The Nature Foundation restored Elkhorn (Acropora palmata) and Staghorn (A. cervicornis) coral reef zones by establishing a coral nursery to grow coral fragments and transplant corals at selected restoration sites. The goal is to raise these new coral colonies in nurseries to repopulate denuded coral reefs with fresh corals. Small colonies are specifically selected for characteristics such as robustness and fast growth to create resilient populations of new corals.


Coral reefs form some of the planet’s most biologically diverse ecosystems, providing numerous ecosystem goods and services. Until the 1980’s, Acropora (Elkhorn and Staghorn) coral species dominated the near shore zone of many Caribbean islands with cover estimates of up to 85%. However, Elkhorn and Staghorn coral reef zones have almost disappeared from most islands in the region largely as a result of White Band Disease. They are currently listed as ‘Critically Endangered’ on the IUCN Red List.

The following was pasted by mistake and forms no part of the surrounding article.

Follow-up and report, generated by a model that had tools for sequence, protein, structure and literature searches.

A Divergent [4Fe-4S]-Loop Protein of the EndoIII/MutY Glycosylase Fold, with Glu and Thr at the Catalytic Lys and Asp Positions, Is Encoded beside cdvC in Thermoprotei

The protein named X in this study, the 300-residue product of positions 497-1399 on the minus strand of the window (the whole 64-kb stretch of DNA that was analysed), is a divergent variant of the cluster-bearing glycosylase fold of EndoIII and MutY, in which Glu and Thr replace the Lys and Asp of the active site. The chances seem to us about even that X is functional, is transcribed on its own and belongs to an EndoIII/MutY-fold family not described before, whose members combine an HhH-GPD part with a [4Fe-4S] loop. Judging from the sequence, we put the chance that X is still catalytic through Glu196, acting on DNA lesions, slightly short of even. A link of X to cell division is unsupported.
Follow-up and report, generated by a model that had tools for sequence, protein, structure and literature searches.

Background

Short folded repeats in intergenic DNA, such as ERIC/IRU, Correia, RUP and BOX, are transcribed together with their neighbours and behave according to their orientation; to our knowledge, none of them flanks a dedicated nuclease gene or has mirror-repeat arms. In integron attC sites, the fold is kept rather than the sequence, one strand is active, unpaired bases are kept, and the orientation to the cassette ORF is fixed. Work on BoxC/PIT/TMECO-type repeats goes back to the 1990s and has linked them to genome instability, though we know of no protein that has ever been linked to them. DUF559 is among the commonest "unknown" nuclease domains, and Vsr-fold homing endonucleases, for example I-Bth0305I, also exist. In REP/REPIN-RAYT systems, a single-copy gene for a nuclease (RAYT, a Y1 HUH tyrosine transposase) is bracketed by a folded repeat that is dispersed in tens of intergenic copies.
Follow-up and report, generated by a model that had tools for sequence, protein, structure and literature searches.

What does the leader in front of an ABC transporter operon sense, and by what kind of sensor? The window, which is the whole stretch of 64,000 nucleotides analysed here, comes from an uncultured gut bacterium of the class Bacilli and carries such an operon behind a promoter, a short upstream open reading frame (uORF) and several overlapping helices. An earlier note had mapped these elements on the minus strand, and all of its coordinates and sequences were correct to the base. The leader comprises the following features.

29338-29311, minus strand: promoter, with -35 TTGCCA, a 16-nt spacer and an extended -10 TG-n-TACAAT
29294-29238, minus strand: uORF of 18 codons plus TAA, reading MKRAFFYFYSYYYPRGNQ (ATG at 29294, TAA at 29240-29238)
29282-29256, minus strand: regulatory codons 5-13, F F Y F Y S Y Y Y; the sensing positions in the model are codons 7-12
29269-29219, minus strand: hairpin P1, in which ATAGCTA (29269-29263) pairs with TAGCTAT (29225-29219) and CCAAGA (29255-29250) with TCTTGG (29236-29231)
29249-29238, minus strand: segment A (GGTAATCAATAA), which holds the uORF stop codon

The loss of these corals has had large negative effects on biodiversity, biomass of fishes, and coastal protection as well as a significant decline in the attractiveness of the shallow reefscape. Some colonies have survived the outbreak of White Band Disease and have been reported to be resistant to the disease which still persists with much-reduced virulence. The remnant colonies have as yet not been able to recolonize the reef to anywhere near their former occurrence.


The goal of the coral restoration project was to help Acropora species to recolonize and recover on the reefs of St. Maarten.